Women are the conservators of piety. Men admire in their little children the graces which they acquire of their maternal instructors; and yet, by a strange perversity, it is with an air of patronage, condescension, and tolerance that the father often approves the instructions of his wife. Men are too apt to treat the ordinances of God’s house, the memory of His day, the reading of His book, and the preaching of His word, as subjects which are fitted for the employment of feminine and infant minds. Men graciously bend down to them—provided they have not to engage their attention matters of more importance. More importance! What a painful and absurd infatuation!—Time set against eternity, and the lesser declared to be the more important! The body weighed against the soul,—and the body pronounced to be of the greater consequence! And yet there is a vast deal of this practical infidelity in the world. Whole communities, nay, whole nations are full of it. The whole web of society is discoloured with its stain. The worship of God who made Heaven and Earth is treated as if it were too puerile for men, and must therefore be left to women and children. The delights of God’s house and the consolations of religion are regarded as too insipid for manly tastes, and are therefore abandoned to the women. Let men consider the effect of this. The child is early a reasoner; much earlier than man suspects. He loves his mother—he venerates his father—for does not she teach him so to do? Shall his conduct neutralize her instructions? Shall we put before children the temptation to do wrong—as a vindication of the parent—lest by the contrast of well‐doing in themselves their fathers be reproved?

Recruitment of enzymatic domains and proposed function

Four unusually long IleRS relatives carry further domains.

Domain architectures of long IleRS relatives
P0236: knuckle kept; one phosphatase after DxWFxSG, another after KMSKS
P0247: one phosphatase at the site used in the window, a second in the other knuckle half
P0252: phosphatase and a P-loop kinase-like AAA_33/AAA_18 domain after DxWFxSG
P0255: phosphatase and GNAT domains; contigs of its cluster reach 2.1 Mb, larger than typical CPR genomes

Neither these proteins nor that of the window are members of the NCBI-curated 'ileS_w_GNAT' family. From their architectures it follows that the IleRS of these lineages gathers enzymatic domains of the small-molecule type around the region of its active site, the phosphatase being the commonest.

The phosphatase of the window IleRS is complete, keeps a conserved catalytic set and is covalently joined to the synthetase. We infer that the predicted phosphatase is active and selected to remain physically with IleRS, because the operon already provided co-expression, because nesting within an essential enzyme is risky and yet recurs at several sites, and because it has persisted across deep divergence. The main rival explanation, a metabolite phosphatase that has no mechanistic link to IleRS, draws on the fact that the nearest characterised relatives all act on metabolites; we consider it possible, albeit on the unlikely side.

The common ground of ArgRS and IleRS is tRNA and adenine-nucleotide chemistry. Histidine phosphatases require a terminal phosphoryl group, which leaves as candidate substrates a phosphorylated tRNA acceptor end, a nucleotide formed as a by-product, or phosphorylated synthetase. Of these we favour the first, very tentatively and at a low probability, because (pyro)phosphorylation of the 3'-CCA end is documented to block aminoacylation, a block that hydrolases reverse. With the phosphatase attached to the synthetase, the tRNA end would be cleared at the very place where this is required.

As to woman in the family, so to woman in the church falls the duty of imparting to the child the first religious instruction. To woman in our Sabbath Schools we find the great burthen of the labour is intrusted. If this is a designed compliment to her capacity, it is as just as the labour it imposes is onerous. But man cannot thus escape his duty, without, in the same measure, forfeiting his reward. If he delegates to woman his share as well as her own in the education of youth in the truths of the Gospel, he forfeits the heavenly pleasure which she derives from an employment which angels might envy. If he disregards this duty as if it were beneath his manhood, he reflects upon the wisdom of Him who took little children in His arms and blessed them, and said, “Suffer little children to come unto me, and forbid them not, for of such is the kingdom of Heaven.” (Luk 18:16.) Woman, brought into closer and more continual connection with the nature and character of infancy, learns to love as well as to guide; to admire as well as to instruct. She finds, in the manifestations of budding intellect, and the curious revelations of first thoughts and first impressions, many wonderful facts which the wisdom of the schools and the philosophy of men learned in books do not know. While man theorizes on externals, and wanders amid abstractions, she learns the inner life of the infant before dissimulation has taught concealment, or habit has destroyed originality.
The Bible differs from all other histories in this, that it gives woman her true place and prominence in its annals. It shows the important part she fills, not only in the history of the household, but in the history of nations. It exhibits traits of her heroism, marks of her wisdom, instances of her affection, and countless other proofs and indications that while her destiny is immortal, her influence is immeasurable. She is intimately connected with the greatest events and circumstances which affect our race—not in temporal things only, but eternal; not in the objects which concern the body merely, but in the history of the soul. If woman was the first to submit to temptation, to her was given, in God’s plan of redemption, the honour of giving birth to the Redeemer. “Blessed art thou among women,” (Luk 1:28) said Gabriel to the Virgin—“Hail! thou art highly favoured.” Nor was the knowledge that such should be the honour of woman delayed till the time of its fulfilment. Long before the coming of Christ were the circumstances of His birth predicted: nay, in the Garden it was promised that the seed of the woman should be victorious over the serpent.